Our lives, our cultures, are composed of many overlapping stories. Novelist Chimamanda Adichie tells the story of how she found her authentic cultural voice — and warns that if we hear only a single story about another person or country, we risk a critical misunderstanding.
Kids are very susceptible to this as the speaker points out with her experience with a poorer family from Nigeria when he was a little girl.
However, as a youth worker, I try to keep on the youth culture, and how marketers try to get us to spend our money, especially youth. So what have I learned about this program. That youth workers should view this with the mind that some of your kids may be experiencing these. This is but a subset of the youth culture. Not all of the kids are into this scene. This show, may get the ax or put on later at night. We must learn that kids themselves need to realize that living from a single story stunts their view of what the wider world is like. Some would argue that we should let the kids see this show, but the problem is there typically isn’t any other show on that tells the stories of other kids that don’t get into the subject matter that Skins delves into. Not to mention that from a marketing standpoint, it would probably be too boring and wouldn’t make any money. I find that there is a fair amount of hype with Skins and that if parents allow their kids to watch it, then they need to watch it with them and ask the questions. You may not get any answers, but the conversation should get you reconnecting with your teen.
One other thing I noticed. Cellphones. Having grown up without them, to watch the way that these kids use them got me to thinking how kids can more easily hide their lives from their parents. An unattended consequence of the advance of the technology. There was a scene where one of the characters was pulling together plans for an upcoming party and loss of virginity of one of his friends. All this while walking from home to school in the morning. The tech wasn’t in place when I was in school over 25 years ago, so it we would have had to resort to the between class and lunch time. It would have been more efficient with the phone and texting, not to mention more covert. This makes me realize that ever since youth culture was started, about 50+ years ago, that youth culture has been slowly separating itself from the culture at large, and that the technology that we adults take for granted helps the kids to continue this separation.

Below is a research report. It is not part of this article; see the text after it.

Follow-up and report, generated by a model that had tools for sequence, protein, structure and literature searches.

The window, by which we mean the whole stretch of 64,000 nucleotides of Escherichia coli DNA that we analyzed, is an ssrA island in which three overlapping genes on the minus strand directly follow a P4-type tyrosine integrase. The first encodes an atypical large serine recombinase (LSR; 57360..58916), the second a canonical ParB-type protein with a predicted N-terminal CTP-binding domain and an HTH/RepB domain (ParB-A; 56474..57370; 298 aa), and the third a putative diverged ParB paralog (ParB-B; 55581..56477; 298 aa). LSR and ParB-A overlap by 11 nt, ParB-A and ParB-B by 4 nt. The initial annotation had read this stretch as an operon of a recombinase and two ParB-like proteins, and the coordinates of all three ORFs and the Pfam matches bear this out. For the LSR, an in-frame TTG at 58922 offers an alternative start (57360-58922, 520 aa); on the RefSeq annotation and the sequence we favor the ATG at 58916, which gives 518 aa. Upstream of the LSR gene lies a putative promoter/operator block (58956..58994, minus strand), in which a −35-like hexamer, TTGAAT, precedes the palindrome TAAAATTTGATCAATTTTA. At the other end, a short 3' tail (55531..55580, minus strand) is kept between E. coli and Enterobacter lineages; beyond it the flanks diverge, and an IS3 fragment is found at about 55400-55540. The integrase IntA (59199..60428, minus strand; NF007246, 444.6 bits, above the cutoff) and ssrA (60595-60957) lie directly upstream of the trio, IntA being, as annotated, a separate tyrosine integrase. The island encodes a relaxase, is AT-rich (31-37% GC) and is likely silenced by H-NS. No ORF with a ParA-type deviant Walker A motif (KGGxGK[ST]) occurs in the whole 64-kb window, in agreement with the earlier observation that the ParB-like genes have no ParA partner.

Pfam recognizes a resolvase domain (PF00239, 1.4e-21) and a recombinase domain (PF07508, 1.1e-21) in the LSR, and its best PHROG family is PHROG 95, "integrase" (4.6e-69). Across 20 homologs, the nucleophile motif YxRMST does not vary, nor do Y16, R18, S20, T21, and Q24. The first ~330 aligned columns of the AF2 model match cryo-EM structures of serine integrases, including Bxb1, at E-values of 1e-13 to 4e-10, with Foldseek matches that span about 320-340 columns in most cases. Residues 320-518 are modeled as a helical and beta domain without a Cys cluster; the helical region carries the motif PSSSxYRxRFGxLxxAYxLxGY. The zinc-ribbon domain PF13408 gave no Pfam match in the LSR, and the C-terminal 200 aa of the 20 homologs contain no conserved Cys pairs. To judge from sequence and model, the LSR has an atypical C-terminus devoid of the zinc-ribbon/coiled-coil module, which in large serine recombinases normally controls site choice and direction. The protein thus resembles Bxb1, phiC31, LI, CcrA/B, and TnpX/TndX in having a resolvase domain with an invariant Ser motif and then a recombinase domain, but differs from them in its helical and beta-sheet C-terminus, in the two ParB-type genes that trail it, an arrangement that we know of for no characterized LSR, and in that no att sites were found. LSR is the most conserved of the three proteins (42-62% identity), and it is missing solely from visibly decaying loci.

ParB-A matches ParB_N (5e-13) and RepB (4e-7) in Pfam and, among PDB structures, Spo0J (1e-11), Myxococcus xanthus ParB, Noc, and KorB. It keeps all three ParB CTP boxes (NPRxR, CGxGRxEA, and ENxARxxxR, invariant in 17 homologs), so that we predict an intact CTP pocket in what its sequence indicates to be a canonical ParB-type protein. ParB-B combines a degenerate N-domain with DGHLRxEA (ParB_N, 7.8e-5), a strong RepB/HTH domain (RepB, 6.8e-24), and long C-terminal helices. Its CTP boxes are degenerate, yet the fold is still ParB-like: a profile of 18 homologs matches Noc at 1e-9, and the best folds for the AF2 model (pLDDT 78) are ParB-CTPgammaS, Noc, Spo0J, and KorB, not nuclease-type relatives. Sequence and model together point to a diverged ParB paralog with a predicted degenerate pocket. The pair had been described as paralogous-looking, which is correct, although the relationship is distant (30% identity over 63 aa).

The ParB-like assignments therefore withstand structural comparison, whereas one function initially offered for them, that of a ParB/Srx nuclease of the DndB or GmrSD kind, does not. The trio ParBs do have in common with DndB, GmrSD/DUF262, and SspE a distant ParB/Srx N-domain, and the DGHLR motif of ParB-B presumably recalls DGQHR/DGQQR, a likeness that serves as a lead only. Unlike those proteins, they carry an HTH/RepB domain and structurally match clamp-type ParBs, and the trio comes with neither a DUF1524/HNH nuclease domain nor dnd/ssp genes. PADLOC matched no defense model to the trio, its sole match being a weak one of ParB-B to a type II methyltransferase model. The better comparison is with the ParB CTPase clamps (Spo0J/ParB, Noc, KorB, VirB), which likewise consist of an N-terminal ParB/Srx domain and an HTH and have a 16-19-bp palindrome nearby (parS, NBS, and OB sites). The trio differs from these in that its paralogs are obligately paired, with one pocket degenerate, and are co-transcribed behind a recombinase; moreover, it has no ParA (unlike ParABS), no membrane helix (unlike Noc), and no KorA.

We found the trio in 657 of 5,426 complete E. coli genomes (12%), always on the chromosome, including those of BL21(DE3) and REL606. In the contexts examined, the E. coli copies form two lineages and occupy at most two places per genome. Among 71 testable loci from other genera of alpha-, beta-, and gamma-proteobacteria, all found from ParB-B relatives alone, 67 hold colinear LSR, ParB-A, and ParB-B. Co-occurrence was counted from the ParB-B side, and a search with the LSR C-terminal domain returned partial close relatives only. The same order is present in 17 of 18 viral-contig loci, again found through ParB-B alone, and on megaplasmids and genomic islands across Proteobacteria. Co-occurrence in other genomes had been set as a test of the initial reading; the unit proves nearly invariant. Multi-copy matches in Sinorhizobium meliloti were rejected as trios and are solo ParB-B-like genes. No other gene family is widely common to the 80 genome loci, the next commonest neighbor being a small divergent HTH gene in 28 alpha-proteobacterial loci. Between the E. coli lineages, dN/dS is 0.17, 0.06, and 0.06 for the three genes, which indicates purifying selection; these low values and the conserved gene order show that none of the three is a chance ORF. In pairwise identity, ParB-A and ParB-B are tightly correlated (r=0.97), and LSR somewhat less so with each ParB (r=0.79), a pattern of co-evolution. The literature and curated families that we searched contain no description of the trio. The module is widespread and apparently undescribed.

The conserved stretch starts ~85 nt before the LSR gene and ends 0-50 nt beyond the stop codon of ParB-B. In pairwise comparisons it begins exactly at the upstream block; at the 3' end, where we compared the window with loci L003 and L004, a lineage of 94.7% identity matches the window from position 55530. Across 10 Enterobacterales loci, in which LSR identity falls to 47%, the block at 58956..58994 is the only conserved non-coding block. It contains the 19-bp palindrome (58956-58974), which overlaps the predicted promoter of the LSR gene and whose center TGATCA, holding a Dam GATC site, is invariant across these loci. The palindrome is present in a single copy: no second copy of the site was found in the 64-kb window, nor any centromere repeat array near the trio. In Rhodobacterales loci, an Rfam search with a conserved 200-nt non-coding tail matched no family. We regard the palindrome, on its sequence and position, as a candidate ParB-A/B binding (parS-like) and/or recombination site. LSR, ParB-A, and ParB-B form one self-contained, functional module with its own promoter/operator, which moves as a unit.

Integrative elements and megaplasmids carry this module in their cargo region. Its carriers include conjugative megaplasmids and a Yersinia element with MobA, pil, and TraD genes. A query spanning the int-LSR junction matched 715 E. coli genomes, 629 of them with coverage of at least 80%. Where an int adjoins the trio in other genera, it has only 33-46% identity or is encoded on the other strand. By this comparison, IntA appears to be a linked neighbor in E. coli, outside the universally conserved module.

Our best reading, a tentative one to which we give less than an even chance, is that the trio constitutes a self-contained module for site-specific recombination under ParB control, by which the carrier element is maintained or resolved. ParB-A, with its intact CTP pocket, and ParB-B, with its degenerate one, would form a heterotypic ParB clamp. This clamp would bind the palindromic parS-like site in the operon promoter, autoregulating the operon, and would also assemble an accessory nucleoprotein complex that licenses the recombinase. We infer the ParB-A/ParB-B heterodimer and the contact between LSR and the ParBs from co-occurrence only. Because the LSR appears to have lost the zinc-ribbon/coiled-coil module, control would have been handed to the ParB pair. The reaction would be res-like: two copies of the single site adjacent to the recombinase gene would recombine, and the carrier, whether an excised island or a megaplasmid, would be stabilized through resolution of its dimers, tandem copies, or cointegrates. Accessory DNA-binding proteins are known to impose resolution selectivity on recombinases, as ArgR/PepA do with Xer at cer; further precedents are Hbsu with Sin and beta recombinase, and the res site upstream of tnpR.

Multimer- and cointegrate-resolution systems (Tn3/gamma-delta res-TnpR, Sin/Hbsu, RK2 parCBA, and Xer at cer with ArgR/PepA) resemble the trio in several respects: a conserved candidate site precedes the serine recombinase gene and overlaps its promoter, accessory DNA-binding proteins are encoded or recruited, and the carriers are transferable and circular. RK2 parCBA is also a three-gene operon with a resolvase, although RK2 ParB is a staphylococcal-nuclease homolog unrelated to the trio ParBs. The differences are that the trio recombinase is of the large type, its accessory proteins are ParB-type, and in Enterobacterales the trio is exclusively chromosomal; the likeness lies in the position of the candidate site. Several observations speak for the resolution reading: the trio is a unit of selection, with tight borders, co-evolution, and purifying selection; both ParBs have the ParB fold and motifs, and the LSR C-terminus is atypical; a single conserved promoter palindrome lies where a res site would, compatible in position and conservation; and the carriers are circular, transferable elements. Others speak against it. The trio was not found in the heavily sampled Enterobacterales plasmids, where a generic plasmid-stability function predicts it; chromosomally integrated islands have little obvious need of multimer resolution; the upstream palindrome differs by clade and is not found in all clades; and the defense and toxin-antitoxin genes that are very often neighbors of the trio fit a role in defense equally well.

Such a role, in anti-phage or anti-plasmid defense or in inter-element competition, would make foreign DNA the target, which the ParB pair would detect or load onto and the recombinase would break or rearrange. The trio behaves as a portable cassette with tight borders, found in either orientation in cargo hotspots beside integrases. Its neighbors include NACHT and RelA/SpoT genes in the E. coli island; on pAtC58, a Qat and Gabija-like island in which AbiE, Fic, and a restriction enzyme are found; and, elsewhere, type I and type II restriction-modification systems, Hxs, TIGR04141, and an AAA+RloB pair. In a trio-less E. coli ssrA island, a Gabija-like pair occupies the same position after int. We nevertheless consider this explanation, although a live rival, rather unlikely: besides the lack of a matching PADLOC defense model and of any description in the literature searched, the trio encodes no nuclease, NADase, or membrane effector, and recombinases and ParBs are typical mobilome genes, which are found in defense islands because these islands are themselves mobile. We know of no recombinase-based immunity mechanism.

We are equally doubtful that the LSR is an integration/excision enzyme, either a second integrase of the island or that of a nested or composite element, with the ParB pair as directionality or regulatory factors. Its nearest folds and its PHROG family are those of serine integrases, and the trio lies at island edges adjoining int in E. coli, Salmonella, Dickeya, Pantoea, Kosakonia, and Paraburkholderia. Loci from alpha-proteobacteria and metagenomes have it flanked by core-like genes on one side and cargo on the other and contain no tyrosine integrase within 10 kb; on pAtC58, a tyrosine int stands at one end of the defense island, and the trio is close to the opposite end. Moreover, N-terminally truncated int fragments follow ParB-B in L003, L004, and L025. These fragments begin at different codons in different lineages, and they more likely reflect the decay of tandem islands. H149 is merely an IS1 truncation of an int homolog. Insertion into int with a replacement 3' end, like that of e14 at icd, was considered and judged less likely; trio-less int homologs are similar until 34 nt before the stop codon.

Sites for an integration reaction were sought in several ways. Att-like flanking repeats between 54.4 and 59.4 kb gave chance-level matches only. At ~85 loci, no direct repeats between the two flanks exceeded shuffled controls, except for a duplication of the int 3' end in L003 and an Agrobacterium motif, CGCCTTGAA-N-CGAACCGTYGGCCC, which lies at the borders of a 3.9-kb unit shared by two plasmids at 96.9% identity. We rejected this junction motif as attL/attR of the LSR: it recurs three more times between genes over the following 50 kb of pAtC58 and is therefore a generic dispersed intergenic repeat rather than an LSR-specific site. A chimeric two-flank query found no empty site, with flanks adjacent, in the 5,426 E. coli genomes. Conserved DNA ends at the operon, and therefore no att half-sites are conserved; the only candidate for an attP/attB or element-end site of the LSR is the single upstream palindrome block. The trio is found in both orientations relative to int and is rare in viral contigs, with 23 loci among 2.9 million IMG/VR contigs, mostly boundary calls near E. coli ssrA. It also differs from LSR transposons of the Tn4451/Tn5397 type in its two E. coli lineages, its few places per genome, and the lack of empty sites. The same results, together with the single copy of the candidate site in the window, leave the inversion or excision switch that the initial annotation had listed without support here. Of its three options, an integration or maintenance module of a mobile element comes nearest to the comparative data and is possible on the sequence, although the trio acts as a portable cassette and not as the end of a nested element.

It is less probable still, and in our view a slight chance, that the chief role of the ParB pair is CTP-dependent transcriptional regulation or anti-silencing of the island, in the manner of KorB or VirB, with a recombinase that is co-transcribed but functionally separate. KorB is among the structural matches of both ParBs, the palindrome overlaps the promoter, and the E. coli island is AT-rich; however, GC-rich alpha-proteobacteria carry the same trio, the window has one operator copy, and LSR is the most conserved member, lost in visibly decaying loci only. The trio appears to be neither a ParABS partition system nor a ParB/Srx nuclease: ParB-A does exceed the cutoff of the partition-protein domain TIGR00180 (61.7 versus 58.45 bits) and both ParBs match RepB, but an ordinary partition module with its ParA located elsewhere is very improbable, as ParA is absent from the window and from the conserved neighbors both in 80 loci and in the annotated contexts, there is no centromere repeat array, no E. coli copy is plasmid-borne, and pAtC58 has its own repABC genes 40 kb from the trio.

So as youth workers, how do we handle these things. No, not new curriculum. Conversation, story and experience. The same things that Jesus used to reach out to those that the culture found unclean. Pray is key. Eventually, through all this kids are transformed so that they can reach out to their friends and engage the youth culture like we try to do.